1. Got the house in order.
2. Got a lot of work done.
3. Went to bed early. (This early to bed is just awesome.)
1. Had a great #carechat.
2. A very productive day.
3. Took a moment to relax.
1. Received an unexpected gift of time.
2. Enjoyed coffee at Panera–which I love.
3. Had a good time with 6-year-old…[Read more]
(Editor’s Note: Today, we welcome Ray, who cares for his brother, to our blogging team. You can connect with Ray on his profile page: @rjrsm.)
I’m new to this site, but not to the issue of caregiving. I’m one […]
Welcome, Ray, and wow — that’s just it, isn’t it? When I was a caregiver for my mother, I heard (constantly) what a “wonderful,” “caring,” and “responsible” daughter I was. In fact, I heard that comment again today, four and one-half months after my mother’s death. In my case, I didn’t feel noble nor honorable. I wasn’t always the “good…[Read more]
Hi Ray–I’m so glad you are blogging!
I think it’s so hard when we hit the limits of ourselves, of our carees and of life. And, somehow we take on these limits as our failures when they truly aren’t.
I know the future feels incredibly uncertain. I wonder if it would help to focus on taking it one day at a time, which helps you tackle the…[Read more]
It seems that the universal feeling of caregivers is guilt! At least part of the time, if not an ongoing struggle to quench it.
I’m wondering how old is your brother? Is he social? Does he like being around other people? Has he ever lived anywhere besides the family home? When I was a kid I vowed to bring my brother to live with me…[Read more]
that was supposed to be quelch not quench… down auto correct.
I want to thank those who replied to my post for the thoughtful suggestions and comments. It does help to see there are others out there who share a sensitivity to care givers.
I chose to keep my brother at home after our mother passed because of his age (59) and traumatizing him with another life changeing event – another home. Fortunately, I…[Read more]
Hi Ray–I’m soooo glad to hear about your good day. It’s so hard to find that sweet spot of how much you help and when you step back. It certainly is a work in progress.
Learning about unconditional love from your brother is such a gift. I think that’s one thing that others often don’t understand about caregiving. Sure, we give. But, we also…[Read more]
Denise…If there is any one BIG blessing in caregiving that I have received, it’s the exchange of unconditional love. When both of my parents came home with hospice, I made the decision I wanted to do all I could for as long as I could. I wanted no regrets. The experience of being with first my father and then my mother as their life faded away…[Read more]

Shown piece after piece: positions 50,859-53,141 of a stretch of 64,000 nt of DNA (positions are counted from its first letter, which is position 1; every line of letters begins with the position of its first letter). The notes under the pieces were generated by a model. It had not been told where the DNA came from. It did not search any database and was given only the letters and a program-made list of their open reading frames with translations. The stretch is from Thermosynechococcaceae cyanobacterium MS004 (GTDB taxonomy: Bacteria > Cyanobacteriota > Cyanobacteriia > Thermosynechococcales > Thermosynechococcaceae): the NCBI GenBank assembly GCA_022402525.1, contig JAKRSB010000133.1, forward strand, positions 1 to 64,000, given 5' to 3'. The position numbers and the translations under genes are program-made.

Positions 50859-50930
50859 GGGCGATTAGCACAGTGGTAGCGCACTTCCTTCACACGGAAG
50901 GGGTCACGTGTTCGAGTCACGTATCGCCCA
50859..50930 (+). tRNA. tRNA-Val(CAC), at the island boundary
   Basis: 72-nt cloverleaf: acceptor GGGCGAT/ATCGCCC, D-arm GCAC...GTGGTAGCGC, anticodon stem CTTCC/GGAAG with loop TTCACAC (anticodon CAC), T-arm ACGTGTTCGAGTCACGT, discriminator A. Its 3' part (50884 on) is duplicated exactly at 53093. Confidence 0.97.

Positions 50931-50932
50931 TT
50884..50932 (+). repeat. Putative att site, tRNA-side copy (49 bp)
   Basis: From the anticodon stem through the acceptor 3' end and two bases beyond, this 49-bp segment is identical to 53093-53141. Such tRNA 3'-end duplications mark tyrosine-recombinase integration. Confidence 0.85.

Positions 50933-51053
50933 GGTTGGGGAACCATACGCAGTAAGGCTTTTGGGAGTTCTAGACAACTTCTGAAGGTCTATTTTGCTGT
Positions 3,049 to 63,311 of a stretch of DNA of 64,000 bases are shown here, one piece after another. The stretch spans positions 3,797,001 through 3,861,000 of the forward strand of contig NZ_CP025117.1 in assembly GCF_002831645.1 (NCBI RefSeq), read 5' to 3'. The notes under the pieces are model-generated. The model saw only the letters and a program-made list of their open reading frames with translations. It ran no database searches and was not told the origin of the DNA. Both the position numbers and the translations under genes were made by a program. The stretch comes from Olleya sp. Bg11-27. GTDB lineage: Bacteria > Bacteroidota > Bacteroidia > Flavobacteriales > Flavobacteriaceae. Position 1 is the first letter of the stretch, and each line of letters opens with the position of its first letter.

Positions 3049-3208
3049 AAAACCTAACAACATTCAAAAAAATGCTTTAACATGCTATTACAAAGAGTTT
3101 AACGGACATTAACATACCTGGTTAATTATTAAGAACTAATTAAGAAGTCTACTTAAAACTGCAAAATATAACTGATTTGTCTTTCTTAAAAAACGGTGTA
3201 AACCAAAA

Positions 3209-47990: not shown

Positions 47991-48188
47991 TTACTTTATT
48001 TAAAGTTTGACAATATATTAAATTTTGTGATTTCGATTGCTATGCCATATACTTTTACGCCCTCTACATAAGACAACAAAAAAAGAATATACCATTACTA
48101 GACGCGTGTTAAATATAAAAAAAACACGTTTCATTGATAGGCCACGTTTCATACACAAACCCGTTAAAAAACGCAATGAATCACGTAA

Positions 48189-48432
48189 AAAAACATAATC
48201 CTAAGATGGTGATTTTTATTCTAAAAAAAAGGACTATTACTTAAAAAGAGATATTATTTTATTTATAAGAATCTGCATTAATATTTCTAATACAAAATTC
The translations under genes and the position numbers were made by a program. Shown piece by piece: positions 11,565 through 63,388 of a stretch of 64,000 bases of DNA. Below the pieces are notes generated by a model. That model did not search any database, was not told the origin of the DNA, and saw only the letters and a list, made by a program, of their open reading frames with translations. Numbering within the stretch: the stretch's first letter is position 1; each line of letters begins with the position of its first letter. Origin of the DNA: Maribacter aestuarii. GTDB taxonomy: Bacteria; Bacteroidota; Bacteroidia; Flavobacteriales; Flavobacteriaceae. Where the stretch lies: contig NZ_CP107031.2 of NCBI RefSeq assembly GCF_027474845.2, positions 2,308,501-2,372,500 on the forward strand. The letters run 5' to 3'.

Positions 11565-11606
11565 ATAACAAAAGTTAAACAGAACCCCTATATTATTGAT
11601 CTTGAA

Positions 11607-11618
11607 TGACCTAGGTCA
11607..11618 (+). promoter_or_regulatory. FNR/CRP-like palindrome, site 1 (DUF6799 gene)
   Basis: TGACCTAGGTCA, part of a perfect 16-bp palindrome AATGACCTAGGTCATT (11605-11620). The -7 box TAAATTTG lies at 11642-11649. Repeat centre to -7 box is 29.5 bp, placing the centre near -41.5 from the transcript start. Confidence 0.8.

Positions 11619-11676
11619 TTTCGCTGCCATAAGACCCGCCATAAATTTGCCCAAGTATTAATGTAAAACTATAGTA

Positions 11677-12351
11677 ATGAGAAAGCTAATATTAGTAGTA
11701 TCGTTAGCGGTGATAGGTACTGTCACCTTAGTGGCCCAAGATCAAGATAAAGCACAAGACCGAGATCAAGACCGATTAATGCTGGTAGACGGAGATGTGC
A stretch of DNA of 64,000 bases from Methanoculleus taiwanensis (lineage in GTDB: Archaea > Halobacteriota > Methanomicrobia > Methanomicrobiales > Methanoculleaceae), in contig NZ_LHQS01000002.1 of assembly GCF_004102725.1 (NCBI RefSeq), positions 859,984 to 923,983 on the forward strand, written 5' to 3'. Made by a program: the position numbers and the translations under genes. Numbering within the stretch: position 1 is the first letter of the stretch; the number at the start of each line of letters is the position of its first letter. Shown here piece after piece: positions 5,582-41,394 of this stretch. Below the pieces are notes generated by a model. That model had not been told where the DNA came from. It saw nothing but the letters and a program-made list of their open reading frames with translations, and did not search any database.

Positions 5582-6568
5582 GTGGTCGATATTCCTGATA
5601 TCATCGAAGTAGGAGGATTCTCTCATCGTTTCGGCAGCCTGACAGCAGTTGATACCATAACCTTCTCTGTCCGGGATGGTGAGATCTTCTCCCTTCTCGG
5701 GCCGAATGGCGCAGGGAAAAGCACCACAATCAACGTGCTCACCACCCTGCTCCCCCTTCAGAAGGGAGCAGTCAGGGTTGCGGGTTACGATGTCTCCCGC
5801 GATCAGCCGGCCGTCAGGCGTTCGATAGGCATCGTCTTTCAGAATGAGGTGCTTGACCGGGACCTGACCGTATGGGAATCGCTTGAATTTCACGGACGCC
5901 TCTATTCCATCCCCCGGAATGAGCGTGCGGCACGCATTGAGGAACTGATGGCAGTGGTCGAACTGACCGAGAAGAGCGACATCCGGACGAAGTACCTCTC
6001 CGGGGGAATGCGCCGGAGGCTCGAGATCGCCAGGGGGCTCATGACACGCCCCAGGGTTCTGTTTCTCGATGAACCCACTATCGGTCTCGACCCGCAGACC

60 Minutes aired an incredible segment last night. (Read about and watch the segment, Ending Life.)
Barbara Mancini, a nurse, cared for her 93-year-old father in his home. During his life’s last years, her […]
Spike and I endured a similar experience when he claimed asylum at hospital B from hospital A for bad treatment (a gross understatement). I had so much mistrust for the system and having been escorted by security at B…I didn’t trust that A would help. While sick he had to do it himself. While it was not death…unlike the story noted…[Read more]
Since my days in the seminary, I have had a change of opinion on the subject of assisted suicide. My seminary training taught me that suicide was a sin and assisted suicide is murder, somewhere along those fine lines in Church teaching, lies the debate on abortion too. Oh-Boy, how my opinion has changed over the years!
After watching, caring…[Read more]
I was flabbergasted at what Barbara Mancini went through with her father. And her poor father fearing what was happening to his daughter as he was dying.
I have always said I do not want to live with dementia. I wouldn’t want any life saving drugs or other medical measures if my quality of life was nil. But even with an advanced directive, who…[Read more]
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